Hypoglycemia (Case 39)

Published on 24/06/2015 by admin

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Last modified 24/06/2015

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Hypoglycemia (Case 39)

Shadi Barakat MD

Case: The patient is a 35-year-old athletic woman who works as nurse. She has been healthy except for mild depression and anxiety that have not required treatment. She presents for evaluation of recurrent episodes of fatigue, palpitations, tremor, and sweating, without loss of consciousness, that started 4 weeks ago. Each episode lasted for a few minutes and subsided quickly after she ate a snack. Usually these episodes occurred at work shortly before lunchtime. During one of the episodes, she appeared confused and her co-workers tried to obtain a fingerstick glucose, but she refused, claiming that she would be fine. She blamed the episodes on her bad eating habits. She exercises every morning for 1 hour before coming to work, and she does not eat breakfast. For lunch she eats some steamed vegetables with a diet drink. Her coworkers were concerned about her and urged her to make an appointment for evaluation.

Upon further questioning, she mentioned that her boyfriend broke up with her 2 months ago, and that has been a difficult time for her. She recently started to take a couple of drinks of alcohol before she goes to bed. She doesn’t smoke, and she denies illicit drug use.

On exam, she is pleasant and in no apparent distress. Her height is 65 in. and her weight is 115 lb. (Her BMI is 19.) Her vital signs and the rest of her exam are negative for any abnormalities.

Differential Diagnosis

Medications (diabetic patients)

Alcoholic hypoglycemia

Non–insulin-secreting tumors

Medications (nondiabetic patients)

Insulin-secreting tumors

Factitious administration of hypoglycemic agents

Counter-regulatory hormones deficiency


Speaking Intelligently

Symptoms of hypoglycemia can be grouped as (1) adrenergic symptoms such as palpitations, tremor, and anxiety; (2) cholinergic symptoms such as sweating, hunger, and parasthesias; and (3) neuroglycopenic symptoms including behavioral changes, confusion, fatigue, seizure, and loss of consciousness. When asked to evaluate a patient like this, it is essential to document a measurement of the patient’s blood glucose while symptomatic. However, maintaining a broad differential diagnosis is important since other disorders may trigger autonomic and psychiatric symptoms when the blood glucose is normal.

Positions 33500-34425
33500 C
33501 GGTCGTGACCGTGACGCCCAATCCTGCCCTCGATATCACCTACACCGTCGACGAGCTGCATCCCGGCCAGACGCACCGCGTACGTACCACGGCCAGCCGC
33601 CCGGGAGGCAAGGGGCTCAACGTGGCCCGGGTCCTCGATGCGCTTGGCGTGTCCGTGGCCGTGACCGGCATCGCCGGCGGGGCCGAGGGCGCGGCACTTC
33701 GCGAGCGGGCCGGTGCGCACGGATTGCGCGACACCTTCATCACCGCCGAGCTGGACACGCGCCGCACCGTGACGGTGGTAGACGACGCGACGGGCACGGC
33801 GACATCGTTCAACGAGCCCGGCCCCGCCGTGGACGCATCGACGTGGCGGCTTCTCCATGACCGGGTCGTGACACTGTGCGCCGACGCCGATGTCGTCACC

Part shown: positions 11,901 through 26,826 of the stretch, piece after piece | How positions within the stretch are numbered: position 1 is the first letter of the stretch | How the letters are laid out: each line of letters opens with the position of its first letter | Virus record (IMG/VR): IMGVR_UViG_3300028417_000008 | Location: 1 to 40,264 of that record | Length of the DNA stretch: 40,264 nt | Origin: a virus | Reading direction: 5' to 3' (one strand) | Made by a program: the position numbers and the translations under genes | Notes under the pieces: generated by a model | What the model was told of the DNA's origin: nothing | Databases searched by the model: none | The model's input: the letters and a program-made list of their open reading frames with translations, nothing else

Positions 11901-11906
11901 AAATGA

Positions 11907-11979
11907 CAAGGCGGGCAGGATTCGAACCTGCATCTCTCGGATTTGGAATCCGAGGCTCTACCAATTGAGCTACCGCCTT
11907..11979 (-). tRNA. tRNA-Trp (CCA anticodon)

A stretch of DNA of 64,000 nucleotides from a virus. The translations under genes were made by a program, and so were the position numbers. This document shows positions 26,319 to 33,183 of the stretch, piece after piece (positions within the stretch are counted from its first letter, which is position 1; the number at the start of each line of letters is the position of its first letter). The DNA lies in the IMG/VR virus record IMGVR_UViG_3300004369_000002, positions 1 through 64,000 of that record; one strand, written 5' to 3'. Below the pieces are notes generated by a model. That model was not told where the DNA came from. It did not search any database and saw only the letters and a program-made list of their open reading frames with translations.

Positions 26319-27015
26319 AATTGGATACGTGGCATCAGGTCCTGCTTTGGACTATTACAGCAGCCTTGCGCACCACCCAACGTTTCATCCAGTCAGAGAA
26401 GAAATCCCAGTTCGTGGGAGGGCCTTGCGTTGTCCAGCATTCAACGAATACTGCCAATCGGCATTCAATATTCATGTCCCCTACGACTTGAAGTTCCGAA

Clinical Thinking

• In a patient presenting with adrenergic, cholinergic, and neuroglycopenic symptoms that resolve with eating, hypoglycemia should be highly suspected but must be documented.

• Hypoglycemia can best be approached by subdividing it into fasting (post-absorptive) hypoglycemia, reactive (post-parandial) hypoglycemia, and factitious hypoglycemia (which can happen any time).

• Reactive hypoglycemia is most commonly seen after abdominal surgeries including gastrectomy and roux-en-Y gastric bypass; in addition, it is often seen in thin, young healthy individuals and in patients with early diabetes or pre-diabetes who have insulin-secretory dysfunction.

• Factitious hypoglycemia should be suspected in health care workers and relatives of patients with diabetes. It is caused by the accidental or intentional administration of insulin or an insulin secretagogue.

• The causes of fasting hypoglycemia may be due to (1) endogenous hyperinsulinism, as in patients on diabetes medications or with insulin-secreting tumors; (2) exogenous hyperinsulinism; (3) decreased insulin clearance, such as in patients with renal or liver failure; (4) increased utilization of glucose, as in sepsis; or (5) decreased production of glucose either due to organ failure or to counter-regulatory hormone deficiencies (i.e., cortisol, glucagon, or growth hormone deficiency).


• Considering the wide differential diagnosis for a patient who is presenting primarily with adrenergic symptoms, it is important to take a detailed history with a focus on the circumstances in which the symptoms occur and how they progress.

• A social and psychiatric history.

• Episodic symptoms of palpitations, tremors, and headache in a patient with hypertension should raise the consideration of pheochromocytoma.

• Symptoms that occur always in public and under stressful condition may indicate panic attacks.